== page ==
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Starter Bike

Discussion in 'Learner League' started by Odd-i, Dec 19, 2016.

  1. Odd-i
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    Odd-i New Member

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    Hi Guys,

    I was hoping to get a little bit of advice regarding what type of bike I should buy, I'm about 180cm, carrying around about 110kg. I've been looking at the all the 'common' learner bikes ie. CBR500R, Ninja's, MT03 etc.

    But I don't really want to drop alot of money into motorbiking just yet, particularly given if I enjoy it I'll likely be looking to drop alot of money into a bigger bike after the restrictions expire. In addition, most of the riding i'll be doing at least initially will likely only be short commuting/city riding.

    With this in mind, the GN250 popped up and piqued my interest - mainly because of the prices some of the older models are going for (as low as 1k). I realise it won't be much faster than my bicycle having to haul me around but I think it'd be a very easy bike to learn on until I can move to a bigger bike.

    What does CR think about the GN250? Are there viable alternatives out there I should be looking at? Noting I probably dont want to spend too much more than 1.5k

    If I was to go have a look at a GN250, what should I be looking out for?
    I understand the start cold/check for smoke blue/black/white is a good test for older bikes.

    The one I'm looking at the moment has a RWC but it appears relatively cheap and im cautious with the old 'if it seems to good to be true' adage in mind.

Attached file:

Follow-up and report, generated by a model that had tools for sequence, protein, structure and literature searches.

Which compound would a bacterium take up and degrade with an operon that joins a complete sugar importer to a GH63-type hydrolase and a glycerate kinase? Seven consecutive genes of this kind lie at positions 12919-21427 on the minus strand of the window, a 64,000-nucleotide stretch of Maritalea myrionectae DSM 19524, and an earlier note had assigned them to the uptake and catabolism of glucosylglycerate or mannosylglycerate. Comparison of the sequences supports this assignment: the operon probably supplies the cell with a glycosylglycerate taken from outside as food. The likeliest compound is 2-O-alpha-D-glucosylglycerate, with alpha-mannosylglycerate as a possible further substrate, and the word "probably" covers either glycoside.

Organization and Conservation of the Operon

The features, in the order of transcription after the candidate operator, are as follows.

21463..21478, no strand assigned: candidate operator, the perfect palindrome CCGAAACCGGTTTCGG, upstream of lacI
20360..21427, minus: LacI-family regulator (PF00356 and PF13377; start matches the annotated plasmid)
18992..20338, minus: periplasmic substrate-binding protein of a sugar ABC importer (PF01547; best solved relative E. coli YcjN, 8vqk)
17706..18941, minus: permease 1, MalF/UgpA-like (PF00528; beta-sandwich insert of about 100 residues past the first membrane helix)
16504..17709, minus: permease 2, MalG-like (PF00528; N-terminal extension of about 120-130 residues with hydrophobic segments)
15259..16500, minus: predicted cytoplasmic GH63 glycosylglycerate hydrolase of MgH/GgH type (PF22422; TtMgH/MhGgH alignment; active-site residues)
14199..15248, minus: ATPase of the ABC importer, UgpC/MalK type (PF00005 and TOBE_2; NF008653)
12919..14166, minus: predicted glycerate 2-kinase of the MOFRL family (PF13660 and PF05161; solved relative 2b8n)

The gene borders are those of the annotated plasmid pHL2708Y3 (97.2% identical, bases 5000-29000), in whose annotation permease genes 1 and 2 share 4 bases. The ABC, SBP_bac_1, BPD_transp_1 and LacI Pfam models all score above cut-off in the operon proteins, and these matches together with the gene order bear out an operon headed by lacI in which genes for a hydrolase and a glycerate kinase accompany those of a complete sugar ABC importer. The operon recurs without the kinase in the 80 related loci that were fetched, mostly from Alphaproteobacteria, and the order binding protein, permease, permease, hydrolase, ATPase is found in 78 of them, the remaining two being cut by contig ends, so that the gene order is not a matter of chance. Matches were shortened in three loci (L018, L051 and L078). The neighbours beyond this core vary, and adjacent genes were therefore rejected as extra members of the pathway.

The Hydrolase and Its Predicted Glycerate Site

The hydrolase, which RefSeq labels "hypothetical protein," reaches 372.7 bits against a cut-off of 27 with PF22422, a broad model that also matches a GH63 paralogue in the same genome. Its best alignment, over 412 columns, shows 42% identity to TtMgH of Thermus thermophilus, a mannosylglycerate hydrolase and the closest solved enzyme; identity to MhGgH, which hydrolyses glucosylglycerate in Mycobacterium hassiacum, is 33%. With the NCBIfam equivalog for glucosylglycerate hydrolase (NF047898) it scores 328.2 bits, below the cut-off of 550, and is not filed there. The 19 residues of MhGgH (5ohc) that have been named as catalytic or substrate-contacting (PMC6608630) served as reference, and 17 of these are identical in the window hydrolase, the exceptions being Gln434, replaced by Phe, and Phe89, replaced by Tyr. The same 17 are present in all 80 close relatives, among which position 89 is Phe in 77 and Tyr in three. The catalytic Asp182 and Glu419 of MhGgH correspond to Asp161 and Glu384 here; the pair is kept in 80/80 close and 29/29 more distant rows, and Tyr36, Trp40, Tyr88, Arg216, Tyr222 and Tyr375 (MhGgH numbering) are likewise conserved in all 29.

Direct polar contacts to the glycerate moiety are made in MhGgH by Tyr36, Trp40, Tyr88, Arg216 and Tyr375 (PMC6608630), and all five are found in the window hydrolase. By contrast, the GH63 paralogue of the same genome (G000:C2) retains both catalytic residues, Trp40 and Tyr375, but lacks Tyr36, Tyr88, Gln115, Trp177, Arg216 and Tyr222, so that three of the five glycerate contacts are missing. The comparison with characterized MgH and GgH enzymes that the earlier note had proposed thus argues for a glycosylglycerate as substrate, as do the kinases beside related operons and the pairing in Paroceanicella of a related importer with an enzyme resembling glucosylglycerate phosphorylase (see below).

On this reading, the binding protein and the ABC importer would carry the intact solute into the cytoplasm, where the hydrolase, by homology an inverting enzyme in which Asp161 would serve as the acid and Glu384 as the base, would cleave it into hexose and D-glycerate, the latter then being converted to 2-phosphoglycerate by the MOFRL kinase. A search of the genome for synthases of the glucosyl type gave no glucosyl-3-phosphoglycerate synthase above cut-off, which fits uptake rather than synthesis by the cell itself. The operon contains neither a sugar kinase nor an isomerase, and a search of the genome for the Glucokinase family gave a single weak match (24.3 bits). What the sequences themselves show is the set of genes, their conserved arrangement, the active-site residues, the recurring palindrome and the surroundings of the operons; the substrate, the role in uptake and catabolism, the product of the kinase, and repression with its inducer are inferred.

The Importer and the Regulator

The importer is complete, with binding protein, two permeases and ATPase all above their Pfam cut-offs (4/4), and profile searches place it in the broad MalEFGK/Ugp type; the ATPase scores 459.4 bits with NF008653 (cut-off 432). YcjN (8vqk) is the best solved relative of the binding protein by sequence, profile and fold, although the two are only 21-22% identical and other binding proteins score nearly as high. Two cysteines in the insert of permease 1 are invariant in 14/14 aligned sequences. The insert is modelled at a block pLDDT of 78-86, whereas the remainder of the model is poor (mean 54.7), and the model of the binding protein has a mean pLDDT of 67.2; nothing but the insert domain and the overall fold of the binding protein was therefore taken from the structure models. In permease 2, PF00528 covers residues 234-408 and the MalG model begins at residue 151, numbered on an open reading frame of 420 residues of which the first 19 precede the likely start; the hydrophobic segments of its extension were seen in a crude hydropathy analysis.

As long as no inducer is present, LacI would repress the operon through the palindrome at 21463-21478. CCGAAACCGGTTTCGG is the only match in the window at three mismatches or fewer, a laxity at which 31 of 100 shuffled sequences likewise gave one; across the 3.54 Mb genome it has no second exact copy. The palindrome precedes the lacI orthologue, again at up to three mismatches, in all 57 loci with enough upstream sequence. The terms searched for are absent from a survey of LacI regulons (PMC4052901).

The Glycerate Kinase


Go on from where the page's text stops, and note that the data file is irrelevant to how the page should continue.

Really appreciate any advice/help

    Thanks!
     
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  2. QuikStop
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    QuikStop Member

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    Anything under 300cc will net you cheap rego, if that helps your cause. As for older bikes, I had an 84 GPZ250 and it was a cracker, lots of character, cheap insurance and all. If you like the old style looks then it's a possibility but to be honest given your size you will find the performance anaemic at best! If you can shell out the quid then get a bigger bike, the pro's are - performance, longevity, modern (better maintenance schedules, lower fuel consumption) and perhaps facilitate a smoother transition to a larger bike later. You could do a search on this forum as this question has been asked many a time, otherwise just bite the bullet, you'll learn far more in the process of making your own decisions... happy riding!
     
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  3. Lurch
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    Lurch Capt. Sense of Direction Administrator

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    Ive riden a GN250 and I can honestly describe it as the motorcycling equivalent to valium.
    Just terrible.
    Motocentral in Mitchell have a nice little Ninja300 that might be worth looking at.
     
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  4. Malcolm Chalmers
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    Malcolm Chalmers Member

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    Have a look at some of the Hyosung bikes.
    You can usually pick them up cheaply, even the 650cc ones.
    And if you go for one of the 250's it will still feel almost like a full size bike, in size anyway.
     
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  5. plankton
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    plankton New Member

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    Old zz-r250 can be had for under $2000 and pretty bulletproof. Did me for a year 6ft 90kg.
     
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  6. Jimmc
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    Jimmc Member